Friday, November 1, 2013


Headed south on a beautiful crisp late fall day to check some trails in this gem of a park, the finest wild area in southeastern New Hampshire. The main hike for the day was an eight-mile loop over South Mountain. I started out from the park entrance road on the Woronoco Trail, built by volunteers from the New England Mountain Bike Association and opened in 2005. The name is an Abenaki word for "winding about," and the trail does indeed meander into the center of the park with many twists and turns.

At 0.9 mi. there's a short "Overlook" side path.

One of the nicest spots in the park, gazing across a vast marsh to cliff-dotted South Mountain.

Zoom on the South Mountain cliffs.

Late fall color along the Woronoco Trail.

Deep hemlock woods cloak much of Pawtuckaway's rolling terrain.

On to the Split Rock Trail, built by NEMBA in 2010. This route opens up some nice loop hike possibilities.

A split rock along the trail - one of several for which it could be named.

One of several large glacial erratics along the Split Rock Trail.

Pieces have calved off this rock on the other side.

This towering monolith is the most impressive erratic along the trail.  Three stories high?

After traversing the Split Rock Trail, I followed the Shaw Trail westward to the South Ridge Trail.

Climbing towards South Mountain, the South Ridge Trail passes this peaceful beaver pond.

A rocky cleft along the ridgecrest.

Pawtuckaway trail sign at summit of South Mountain.

The fire tower on the 885-ft. summit of South Mountain.

View of Middle Mountain and top of North Mountain from summit ledges.

Mt. Kearsarge in the distance, with ledge on Middle Mountain in foreground.

I followed an orange-blazed spur path down to a great sunny ledge with views south and east. There's surprisingly little evidence of civilization in the foreground part of this vista.

Pawtuckaway Lake, with the overlook marsh along the Woronoco Trail in the foreground.

I bushwhacked down to the top of an impressive cliff. A tiny but rugged mountain.

I headed back up to the summit and climbed to the top landing of the fire tower for a little better view of Middle and North Mountains. The Pawtuckaway Mountains are a classic semi-circular ring-dike of ancient volcanic origin. In addition to its interesting geologic features, the park is home to many wetlands and several unusual plant communities. There's a wealth of information in the Ecological Inventory of Pawtuckaway State Park.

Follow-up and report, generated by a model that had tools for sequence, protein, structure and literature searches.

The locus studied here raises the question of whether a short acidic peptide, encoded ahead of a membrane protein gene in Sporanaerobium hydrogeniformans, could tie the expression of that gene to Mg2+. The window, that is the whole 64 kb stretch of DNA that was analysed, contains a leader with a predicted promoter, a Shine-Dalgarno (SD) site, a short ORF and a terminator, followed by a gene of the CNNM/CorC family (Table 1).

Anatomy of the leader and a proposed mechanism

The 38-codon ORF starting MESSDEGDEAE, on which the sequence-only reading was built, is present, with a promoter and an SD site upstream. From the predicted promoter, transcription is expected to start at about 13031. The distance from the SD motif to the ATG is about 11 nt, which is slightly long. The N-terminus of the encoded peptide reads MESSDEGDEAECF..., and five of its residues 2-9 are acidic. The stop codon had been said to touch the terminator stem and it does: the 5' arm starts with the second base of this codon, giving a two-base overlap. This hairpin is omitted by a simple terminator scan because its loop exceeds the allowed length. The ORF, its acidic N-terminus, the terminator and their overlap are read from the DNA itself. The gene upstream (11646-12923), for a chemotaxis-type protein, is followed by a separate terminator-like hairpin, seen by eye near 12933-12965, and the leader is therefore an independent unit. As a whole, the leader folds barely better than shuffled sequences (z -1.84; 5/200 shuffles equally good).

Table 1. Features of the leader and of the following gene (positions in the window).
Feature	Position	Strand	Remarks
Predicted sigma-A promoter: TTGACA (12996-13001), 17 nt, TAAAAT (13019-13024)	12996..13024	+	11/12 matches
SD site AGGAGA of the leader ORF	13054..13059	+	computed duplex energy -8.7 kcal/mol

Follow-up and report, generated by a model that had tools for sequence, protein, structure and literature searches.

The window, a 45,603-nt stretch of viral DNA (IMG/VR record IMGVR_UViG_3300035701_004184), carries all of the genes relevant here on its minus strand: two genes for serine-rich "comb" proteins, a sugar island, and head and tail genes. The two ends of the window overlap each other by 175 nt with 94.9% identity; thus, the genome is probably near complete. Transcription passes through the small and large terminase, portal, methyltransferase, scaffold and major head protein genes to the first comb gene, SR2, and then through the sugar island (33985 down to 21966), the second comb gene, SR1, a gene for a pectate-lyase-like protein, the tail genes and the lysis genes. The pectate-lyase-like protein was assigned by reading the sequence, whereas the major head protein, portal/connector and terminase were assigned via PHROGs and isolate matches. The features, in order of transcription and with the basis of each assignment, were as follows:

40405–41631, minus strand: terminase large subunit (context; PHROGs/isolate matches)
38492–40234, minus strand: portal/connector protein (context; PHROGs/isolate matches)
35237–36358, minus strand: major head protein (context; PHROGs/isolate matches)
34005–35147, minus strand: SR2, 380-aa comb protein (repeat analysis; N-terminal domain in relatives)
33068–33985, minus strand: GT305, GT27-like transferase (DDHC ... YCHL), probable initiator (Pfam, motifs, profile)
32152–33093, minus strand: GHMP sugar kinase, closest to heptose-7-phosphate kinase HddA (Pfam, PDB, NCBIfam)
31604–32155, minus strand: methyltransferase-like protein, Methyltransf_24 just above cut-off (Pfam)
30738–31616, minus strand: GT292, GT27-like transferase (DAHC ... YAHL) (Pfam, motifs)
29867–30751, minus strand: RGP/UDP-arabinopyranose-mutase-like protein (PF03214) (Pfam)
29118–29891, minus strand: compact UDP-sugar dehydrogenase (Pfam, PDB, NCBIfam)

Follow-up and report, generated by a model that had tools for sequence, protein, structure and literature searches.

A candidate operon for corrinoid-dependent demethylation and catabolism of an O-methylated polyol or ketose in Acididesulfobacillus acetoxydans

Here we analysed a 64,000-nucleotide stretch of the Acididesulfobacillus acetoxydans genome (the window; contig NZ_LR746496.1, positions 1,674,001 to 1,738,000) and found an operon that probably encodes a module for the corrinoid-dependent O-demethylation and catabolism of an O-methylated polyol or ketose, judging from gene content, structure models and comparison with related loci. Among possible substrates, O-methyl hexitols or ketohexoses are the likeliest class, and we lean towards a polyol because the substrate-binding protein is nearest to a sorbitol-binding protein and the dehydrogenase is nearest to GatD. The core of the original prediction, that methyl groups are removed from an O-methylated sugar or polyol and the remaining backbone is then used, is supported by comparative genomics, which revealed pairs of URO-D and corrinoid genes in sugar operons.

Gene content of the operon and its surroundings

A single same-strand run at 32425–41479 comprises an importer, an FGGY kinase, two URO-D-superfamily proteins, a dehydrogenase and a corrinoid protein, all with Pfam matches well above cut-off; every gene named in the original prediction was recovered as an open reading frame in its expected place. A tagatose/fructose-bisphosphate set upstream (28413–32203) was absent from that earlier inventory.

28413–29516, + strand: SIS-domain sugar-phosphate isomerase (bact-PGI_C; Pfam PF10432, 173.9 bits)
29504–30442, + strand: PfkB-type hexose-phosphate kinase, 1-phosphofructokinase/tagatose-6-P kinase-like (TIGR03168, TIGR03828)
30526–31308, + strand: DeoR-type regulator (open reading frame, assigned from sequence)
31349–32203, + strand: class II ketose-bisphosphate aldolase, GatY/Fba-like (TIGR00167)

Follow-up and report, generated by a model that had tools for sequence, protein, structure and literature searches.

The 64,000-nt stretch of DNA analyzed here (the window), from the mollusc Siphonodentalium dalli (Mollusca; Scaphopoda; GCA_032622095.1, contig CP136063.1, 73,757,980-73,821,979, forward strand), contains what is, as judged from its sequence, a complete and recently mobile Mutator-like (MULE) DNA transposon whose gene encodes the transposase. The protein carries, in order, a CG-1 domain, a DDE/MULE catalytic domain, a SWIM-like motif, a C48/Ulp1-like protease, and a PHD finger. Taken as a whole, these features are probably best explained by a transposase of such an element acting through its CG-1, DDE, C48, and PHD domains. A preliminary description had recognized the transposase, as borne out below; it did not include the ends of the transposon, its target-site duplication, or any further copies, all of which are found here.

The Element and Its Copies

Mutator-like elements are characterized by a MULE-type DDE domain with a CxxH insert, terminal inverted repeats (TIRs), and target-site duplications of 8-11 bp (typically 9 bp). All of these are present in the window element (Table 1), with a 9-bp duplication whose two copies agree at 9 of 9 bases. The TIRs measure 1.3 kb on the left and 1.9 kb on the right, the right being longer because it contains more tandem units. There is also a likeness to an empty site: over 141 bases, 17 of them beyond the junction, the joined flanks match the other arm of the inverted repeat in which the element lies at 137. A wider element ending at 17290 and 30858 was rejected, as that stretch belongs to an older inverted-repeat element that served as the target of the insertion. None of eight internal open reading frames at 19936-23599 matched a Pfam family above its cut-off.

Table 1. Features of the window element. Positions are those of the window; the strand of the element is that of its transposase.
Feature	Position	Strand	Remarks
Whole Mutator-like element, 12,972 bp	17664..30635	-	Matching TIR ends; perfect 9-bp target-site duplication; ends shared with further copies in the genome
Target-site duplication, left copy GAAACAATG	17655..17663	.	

Looking west, the view from the tower includes the Pack Monadnocks and Mt. Monadnock seen beyond the Uncanoonucs. Also visible were the Hancock and Prudential buildings in downtown Boston - an appropriate sight the day before the Sox clinched the World Series!

Descending south along the South Ridge Trail through ledgy hemlock forest.

I returned to my car via the gentle woods road known as the Mountain Trail, passing along the shore of Mountain Pond just before reaching the road.

Before heading home, I walked a recently re-opened footpath on Big Island called the Big Loop Trail. This was mostly a 1.3 mi. woods walk, but one spur trail led down to a nice view of the south end of Burnham Marsh.

Another spur led out to the park beach on Pawtuckaway Lake. What a fine park - if we lived closer, we would spend a lot of time here.


  1. The abundance of hiking venues throughout the State of NH is a nonstop source of amazement for me! Thanks for sharing your experiences at Pawtuckaway State Park. As you implied toward the end of your Blog, it is a bit of a drive for us who live in the northern region of the State. But nonetheless, it's good to know that beautiful places such as Pawtuckaway are there for those occasions when one might be traveling to southern regions of NH.


    1. Thanks, John - wish this place was a little closer. It's ideal for "in-between seasons" hiking.


  2. I liked your photos of the erratics! So many cool rocks, a fun place!
    Best, Amy

  3. Thanks, Amy - it is a neat place!